• Identify the critical role of cost allocation in the analysis of customer profitability and sales variances.
  • Explain the increase in the accuracy of determining the cost of cost objects resulting from allocation of support departments to operating departments; and from identifying common costs and revenues.

 

ACCT 3280: Accounting for Governmental and Nonprofit Entities 

Upon successful completion of the course, a student will be able to:

 

  • Identify the format and content of a Comprehensive Annual Financial Report for state and local governments.
  • Explain the difference between economic resource measurement focus and current financial resource measurement focus, and full accrual basis of accounting and modified accrual basis of accounting.
  • For state and local governments, identify the title of budgetary accounts, record legally adopted budget, and record encumbrance in accounting system.
  • Describe the types of fund within state and local governments and associated measurement focus and basis of accounting in each fund.
  • Recognize, measure and record non-exchange revenue transaction in governmental funds within state and local governments.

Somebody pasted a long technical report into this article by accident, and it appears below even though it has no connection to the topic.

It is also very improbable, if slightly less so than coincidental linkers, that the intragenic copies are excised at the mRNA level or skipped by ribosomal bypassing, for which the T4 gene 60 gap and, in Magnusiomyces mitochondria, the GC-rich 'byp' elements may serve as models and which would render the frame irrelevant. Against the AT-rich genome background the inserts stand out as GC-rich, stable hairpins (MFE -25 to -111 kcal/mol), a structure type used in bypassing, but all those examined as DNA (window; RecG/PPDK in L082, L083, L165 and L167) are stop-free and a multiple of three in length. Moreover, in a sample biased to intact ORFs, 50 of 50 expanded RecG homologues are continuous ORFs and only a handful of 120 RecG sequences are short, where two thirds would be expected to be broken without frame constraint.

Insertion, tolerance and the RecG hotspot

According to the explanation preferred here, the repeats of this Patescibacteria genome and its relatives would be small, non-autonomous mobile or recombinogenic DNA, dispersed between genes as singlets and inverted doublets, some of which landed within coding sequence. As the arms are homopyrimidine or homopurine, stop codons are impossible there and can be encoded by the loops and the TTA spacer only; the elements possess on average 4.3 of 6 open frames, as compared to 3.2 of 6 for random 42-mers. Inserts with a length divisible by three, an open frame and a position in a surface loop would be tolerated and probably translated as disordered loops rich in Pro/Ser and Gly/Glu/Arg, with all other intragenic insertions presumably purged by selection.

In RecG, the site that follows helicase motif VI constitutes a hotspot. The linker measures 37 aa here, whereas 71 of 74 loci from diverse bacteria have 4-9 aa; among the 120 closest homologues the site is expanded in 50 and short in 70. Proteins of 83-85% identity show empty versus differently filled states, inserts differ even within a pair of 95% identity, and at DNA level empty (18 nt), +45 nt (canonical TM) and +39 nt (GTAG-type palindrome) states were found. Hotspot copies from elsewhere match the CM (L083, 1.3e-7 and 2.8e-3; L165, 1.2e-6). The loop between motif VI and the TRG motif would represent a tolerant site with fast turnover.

• Recognize, measure and record expenditure in governmental funds within state and local governments.
  • Recognize and record interfund activities within state and local governments.
  • Describe the differences in presentation between governmental funds on fund financial statements and governmental activities on government-wide financial statements.
  • Identify the format and content of financial statements for a not-for-profit organization.
  • Record various types of revenues of a not-for-profit organization into appropriate categories of net assets.
  • Record expenses of a not-for-profit organization, including recording net assets released from restriction.
  • Determine the amount of net patient revenues reported on financial statement of health care organizations.

 

ACCT 4211: Advanced Financial Accounting 

Upon successful completion of the course, a student will be able to:

 

  • Apply accounting techniques and methods for the formation, dissolution, partner changes, earnings distribution, and liquidation of partnerships.
  • Describe various accounting theories in translating financial statements of a foreign subsidiary to U.S. Dollars.
  • Demonstrate and determine the impacts on parent company’s financial statements from applying different foreign currency translation methods.
  • Explain the development of consolidation theories, current issues of consolidation, and accounting standards in U.S. GAAP and IFRS.
  • Prepare consolidated financial statements as of the date of acquisition and for periods subsequent to the date of acquisition for 100% and partially owned subsidiaries.
  • Show adjustments to consolidated financial statements from intra-entity transactions between the parent company and its 100% or partially owned subsidiaries.

 

ACCT 4220: Tax Accounting: Corporate Tax